What to do with Girl Scouts, spare time and a paper bag?

by:  Lynn W Jager

As a troop leader, sometimes your ideas for a meeting program just don’t come together, even with the best planning and preparation.  Or maybe your troop is at a program or event waiting in line.  Sometimes you remember on your way home from work that you have a Girl Scout meeting tonight!  You need a last-minute activity that girls of any age will enjoy.  All you need is a paper bag and some imagination.  My best advice to leaders, new and old:  Don’t be afraid to wing it!  The girls are so happy to get together, they don’t have any idea how long you fretted (or NOT) over the program.

Below are just a few ideas that I’ve used or are in my bag of tricks waiting for those times when we need a quick activity:

  1. Balloons. Inflate a worn, softened lunch size paper bag, gather the opening in your hand, tie a scrap piece of ribbon to it for special effect (optional), and invert it so it looks like a balloon.  Hold it in one hand above your head and tell a story about what you might see if you were the balloon flying high (or low) over your neighborhood (school, farm, city, Disneyland, etc.).  Pass the balloon to the next Girl Scout for her visionary tale.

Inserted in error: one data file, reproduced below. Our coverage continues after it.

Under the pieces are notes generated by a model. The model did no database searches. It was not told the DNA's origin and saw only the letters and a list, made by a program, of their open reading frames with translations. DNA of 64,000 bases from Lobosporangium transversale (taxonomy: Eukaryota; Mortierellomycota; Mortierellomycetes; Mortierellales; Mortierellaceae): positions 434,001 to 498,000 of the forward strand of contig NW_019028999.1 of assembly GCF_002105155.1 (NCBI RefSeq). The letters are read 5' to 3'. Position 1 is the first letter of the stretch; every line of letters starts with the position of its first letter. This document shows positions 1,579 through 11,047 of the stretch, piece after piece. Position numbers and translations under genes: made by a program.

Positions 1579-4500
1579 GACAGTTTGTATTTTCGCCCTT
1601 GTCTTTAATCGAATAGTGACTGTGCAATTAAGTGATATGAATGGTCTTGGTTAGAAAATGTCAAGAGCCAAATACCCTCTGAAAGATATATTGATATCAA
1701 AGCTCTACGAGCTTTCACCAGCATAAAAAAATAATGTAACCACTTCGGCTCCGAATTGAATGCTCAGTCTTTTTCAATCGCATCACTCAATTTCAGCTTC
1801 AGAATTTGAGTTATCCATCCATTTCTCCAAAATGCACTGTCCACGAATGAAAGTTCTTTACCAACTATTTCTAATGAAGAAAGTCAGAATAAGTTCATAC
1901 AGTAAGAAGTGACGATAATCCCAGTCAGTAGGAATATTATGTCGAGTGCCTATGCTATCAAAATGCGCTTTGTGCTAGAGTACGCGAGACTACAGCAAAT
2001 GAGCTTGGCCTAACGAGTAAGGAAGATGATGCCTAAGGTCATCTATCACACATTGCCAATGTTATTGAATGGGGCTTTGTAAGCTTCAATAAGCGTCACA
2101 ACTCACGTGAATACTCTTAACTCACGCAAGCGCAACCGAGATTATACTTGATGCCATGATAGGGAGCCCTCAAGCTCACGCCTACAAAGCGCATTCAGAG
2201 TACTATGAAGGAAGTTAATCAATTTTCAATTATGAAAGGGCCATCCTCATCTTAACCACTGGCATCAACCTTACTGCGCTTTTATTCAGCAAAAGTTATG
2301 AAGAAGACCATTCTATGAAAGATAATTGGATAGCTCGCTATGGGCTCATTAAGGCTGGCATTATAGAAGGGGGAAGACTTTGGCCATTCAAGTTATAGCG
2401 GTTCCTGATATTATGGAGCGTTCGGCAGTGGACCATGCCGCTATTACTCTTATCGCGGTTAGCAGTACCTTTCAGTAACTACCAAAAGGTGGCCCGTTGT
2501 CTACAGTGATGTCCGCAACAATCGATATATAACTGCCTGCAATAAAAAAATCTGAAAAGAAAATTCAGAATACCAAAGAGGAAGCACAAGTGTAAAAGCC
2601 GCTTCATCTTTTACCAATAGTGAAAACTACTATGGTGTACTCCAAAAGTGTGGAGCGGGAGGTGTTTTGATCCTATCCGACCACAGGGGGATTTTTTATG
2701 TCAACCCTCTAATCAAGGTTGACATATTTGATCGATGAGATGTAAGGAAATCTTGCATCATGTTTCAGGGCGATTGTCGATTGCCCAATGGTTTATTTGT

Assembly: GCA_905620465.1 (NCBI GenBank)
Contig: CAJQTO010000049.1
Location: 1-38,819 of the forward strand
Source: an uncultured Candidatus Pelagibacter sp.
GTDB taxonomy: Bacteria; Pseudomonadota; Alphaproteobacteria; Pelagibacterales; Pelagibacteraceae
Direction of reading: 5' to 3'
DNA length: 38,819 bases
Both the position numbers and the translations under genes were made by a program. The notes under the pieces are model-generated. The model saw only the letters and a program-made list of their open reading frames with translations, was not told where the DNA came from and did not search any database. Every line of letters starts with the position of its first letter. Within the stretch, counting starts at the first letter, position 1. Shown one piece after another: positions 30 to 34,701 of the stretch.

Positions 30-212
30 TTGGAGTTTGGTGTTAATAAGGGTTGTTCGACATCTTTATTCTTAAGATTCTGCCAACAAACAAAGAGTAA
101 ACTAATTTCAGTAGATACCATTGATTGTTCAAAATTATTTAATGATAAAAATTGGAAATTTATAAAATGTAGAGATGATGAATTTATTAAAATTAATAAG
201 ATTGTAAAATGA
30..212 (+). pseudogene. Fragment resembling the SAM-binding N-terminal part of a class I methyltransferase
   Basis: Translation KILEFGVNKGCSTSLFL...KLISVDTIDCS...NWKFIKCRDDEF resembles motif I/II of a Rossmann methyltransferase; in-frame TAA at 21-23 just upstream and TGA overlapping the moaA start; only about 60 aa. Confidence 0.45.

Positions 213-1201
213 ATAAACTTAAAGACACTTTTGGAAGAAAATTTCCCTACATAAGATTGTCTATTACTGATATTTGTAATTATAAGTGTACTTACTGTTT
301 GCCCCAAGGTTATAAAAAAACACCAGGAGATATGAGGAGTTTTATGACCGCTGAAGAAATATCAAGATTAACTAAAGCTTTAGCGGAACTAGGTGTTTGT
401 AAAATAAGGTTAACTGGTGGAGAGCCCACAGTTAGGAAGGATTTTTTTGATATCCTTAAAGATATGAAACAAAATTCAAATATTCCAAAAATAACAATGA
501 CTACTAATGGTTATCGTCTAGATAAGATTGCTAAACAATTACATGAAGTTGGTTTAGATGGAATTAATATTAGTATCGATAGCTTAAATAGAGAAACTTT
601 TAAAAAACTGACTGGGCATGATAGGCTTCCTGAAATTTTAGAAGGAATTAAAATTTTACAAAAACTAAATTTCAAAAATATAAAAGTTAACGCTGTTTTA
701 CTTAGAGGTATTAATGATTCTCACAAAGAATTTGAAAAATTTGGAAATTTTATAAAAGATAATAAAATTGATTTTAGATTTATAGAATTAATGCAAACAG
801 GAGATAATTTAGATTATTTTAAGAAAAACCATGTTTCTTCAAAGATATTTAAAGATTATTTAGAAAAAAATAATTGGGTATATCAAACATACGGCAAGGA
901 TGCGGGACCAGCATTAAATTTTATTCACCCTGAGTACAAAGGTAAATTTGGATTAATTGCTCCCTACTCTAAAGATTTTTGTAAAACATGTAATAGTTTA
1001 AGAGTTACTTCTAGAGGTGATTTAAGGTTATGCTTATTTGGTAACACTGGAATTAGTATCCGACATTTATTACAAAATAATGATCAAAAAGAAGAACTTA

2. Pet Sitting.  Open a paper bag and gather the opening so when you put your hand in it, it will close around your arm.  AS you feel around the completely empty bag, briefly describe the pet you find within.  Use as many adjectives and noises as you can to make it funny and memorable.  Remember, the bag can contain anything you want; a fishbowl of water, a piano, a cloud, or a tiny piece of cheese  Pass the bag to the next girl to see what kind of pet she has.  For an added challenge, after the last scout has described her pet, pass out paper/pencil to each scout.  Have her list each of the pets she just met.
  3. Adjectives.  Give an opened, empty paper bag to a scout and ask her to feel inside.  Then ask her to tell you what is in the bag that is really __________.  (squishy, cold, hard, sticky, licky, etc.)  Pass the bag to the next scout and give another adjective.  This could be used for specific badge work or to cover cookie knowledge and safety.
  4. Nature Sounds.  (No bag necessary)  Ask the scout what she would hear if she sat on a beach, in a boat, on the limb of a tree, zipping through a forest, under a potato plant, etc.
  5. Colors.  (No bag necessary)  Use a specific color and no imaginary items.  The scout must find a real item that color, challenging the girls.  You could restrict the types of items she finds such as food if you are eating a rainbow, exploring garnishing, or color reactions to smoothies.  (This could also be badge or Journey specific.)
  6. Microphone. Use inflated paper bag (or brush, pencil, etc.) to use as the “microphone.”  When you are holding the bag, it is your turn to share with the group.  You could also have the speaker be story starter, song leader, etc.